5. Vacuum the Remains

If you’ve used a good carpet cleaner, the chances are that it absorbed most of the paint. Now, all there’s left for you to do is vacuum it up.

It’s best to use a wet vacuum for the job. Your carpet now contains a lot of liquids, which can ruin your machine if it doesn’t have a waterproof interior. If you don’t own a wet vacuum, shops such as Home Depot rent them out.


Acrylic paint is stubborn. You may have to repeat the steps a few times, then go over with a wet vacuum to prevent mold.

Cleaning up Oil Paint

Here are the things you’ll need:

  • Putty knife.
  • Small container or bowl.
  • Clean white cloth or rags.
  • Gloves.
  • Turpentine.
  • Dishwashing detergent.

1. Scrape the Spill

Oil paint is straightforward to remove with a tool when fresh, so you must act quickly. Grab your putty knife, which is a short, flat tool made of either metal or plastic. Try to insert the knife under the spill and lift away gently.

Once away from the carpet, place the paint in a container or bowl. Don’t scrub or stab with the putty knife — this could make the stain worse.

If you can’t insert the knife underneath, the paint is likely too dry. In such a case, use a carpet steamer on the area to soften the paint. You can place a rag over the spot to protect your machine.

2. Blot the Spot

Get a clean white rag or cloth, and use it to gently, but firmly blot the spot. Continue until you feel that it isn’t absorbing more. If the carpet is still wet, continue with a fresh one.

3. Add Turpentine

To help separate the oil paint from the carpet, add a small amount of turpentine to the cloth. Put some glasses and gloves on and follow the same dabbing motion across the spot without scrubbing. Most of the paint should begin to loosen — continue until all the spill is gone (2).

4. Rinse the Area

After the paint is gone, it’s essential to rinse the spot where you used turpentine, to prevent discoloration. Make a mixture of one tablespoon dishwashing detergent with two cups of cold water.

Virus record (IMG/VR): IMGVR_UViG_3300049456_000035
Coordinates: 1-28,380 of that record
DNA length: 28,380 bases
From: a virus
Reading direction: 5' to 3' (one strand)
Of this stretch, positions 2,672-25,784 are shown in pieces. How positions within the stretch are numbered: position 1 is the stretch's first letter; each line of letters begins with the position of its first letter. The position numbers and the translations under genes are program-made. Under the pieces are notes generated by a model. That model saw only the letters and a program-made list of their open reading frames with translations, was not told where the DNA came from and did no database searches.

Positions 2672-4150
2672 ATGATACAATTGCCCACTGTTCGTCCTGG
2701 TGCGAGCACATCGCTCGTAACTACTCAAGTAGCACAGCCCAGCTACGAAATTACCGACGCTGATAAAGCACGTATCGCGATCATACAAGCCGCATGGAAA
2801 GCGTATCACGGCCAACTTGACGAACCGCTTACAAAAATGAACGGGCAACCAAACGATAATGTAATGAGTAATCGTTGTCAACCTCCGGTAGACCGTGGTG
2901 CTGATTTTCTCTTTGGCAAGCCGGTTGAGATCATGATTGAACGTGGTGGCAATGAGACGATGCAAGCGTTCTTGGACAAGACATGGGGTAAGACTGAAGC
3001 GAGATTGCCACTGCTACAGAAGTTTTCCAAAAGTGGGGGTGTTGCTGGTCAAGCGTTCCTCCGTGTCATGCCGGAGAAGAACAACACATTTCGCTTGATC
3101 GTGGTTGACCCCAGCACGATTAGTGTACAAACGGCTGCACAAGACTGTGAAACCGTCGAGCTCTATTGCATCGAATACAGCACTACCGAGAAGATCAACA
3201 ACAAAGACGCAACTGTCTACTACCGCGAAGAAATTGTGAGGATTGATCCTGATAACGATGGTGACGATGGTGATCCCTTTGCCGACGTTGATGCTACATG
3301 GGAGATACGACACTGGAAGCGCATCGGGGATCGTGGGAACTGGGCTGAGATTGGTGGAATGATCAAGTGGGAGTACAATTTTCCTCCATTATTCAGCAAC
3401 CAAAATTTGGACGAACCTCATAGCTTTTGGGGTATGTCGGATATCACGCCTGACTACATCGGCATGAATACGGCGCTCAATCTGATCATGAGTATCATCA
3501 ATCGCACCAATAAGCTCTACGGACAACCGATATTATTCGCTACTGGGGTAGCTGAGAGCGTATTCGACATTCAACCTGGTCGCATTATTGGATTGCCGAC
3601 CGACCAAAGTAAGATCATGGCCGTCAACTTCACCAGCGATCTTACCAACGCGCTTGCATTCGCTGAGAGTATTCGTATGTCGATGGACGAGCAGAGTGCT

Take a new, clean cloth and submerge into the solution. Then proceed to moisten the area of the spill. Continue until it’s clean, and no paint color remains.

Grab some paper towels and blot the area to absorb leftover liquids. You can also use a wet vacuum if you prefer.

How to Remove Dry Paint from Carpet

Removing dry paint isn’t impossible unless it’s oil-based, then it can be a challenge. For oil paints, try a carpet steamer and then let it soak for five minutes in a solution of warm water and dishwashing detergent. If it doesn’t come out, you may have to trim the area by cutting the paint loose.

However, for water, latex or acrylic based paints, use the steps below:

1. Scrape off as Much as Possible

Use a knife or putty knife to scrape off as much debris as possible. Then use needle-nose pliers to loosen or remove big spots.

2. Soak and Vacuum

Pour a small amount of warm water over the dry paint and let it sit for five minutes to soften. Then use a wet vacuum to remove as much as possible — repeat this step until most of the paint is gone.

3. Make a Detergent Solution

In a spray bottle, mix half a teaspoon of dishwashing detergent or vinegar with four cups of water. Then spray the spot liberally.

Grab a stiff brush and scrub the spill. Continue until the paint is gone — add more spray if necessary. Once finished, go over with a wet vacuum to remove excess liquids.

Missed a Spot

As a devoted DIY people, we’ve spilled our fair share of paint onto carpets. Knowing how to clean paint out of your carpet helps you respond quicker, which, in turn, increases your chance for success.

First, you must recognize what type of paint it is. Most are either acrylic, latex, water or oil-based. Follow the specific steps for your paint, and remember never to scrub — doing so will spread the spill, causing a bigger problem.

If the paint had time to dry, use a putty knife to separate it from the carpet fibers. Then soak it with a solution before scrubbing. As a last resort, you may have to trim the area — if you do it right, it shouldn’t be noticeable.

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About the Author

Amy Anthony

Amy is a stay-at-home-mom, seasoned writer, and a home cleaning and organization aficionado. Amy enjoys having an absolutely spotless home and has worked hard to develop strategies to keep it that way, despite having 2 kids and 3 dogs!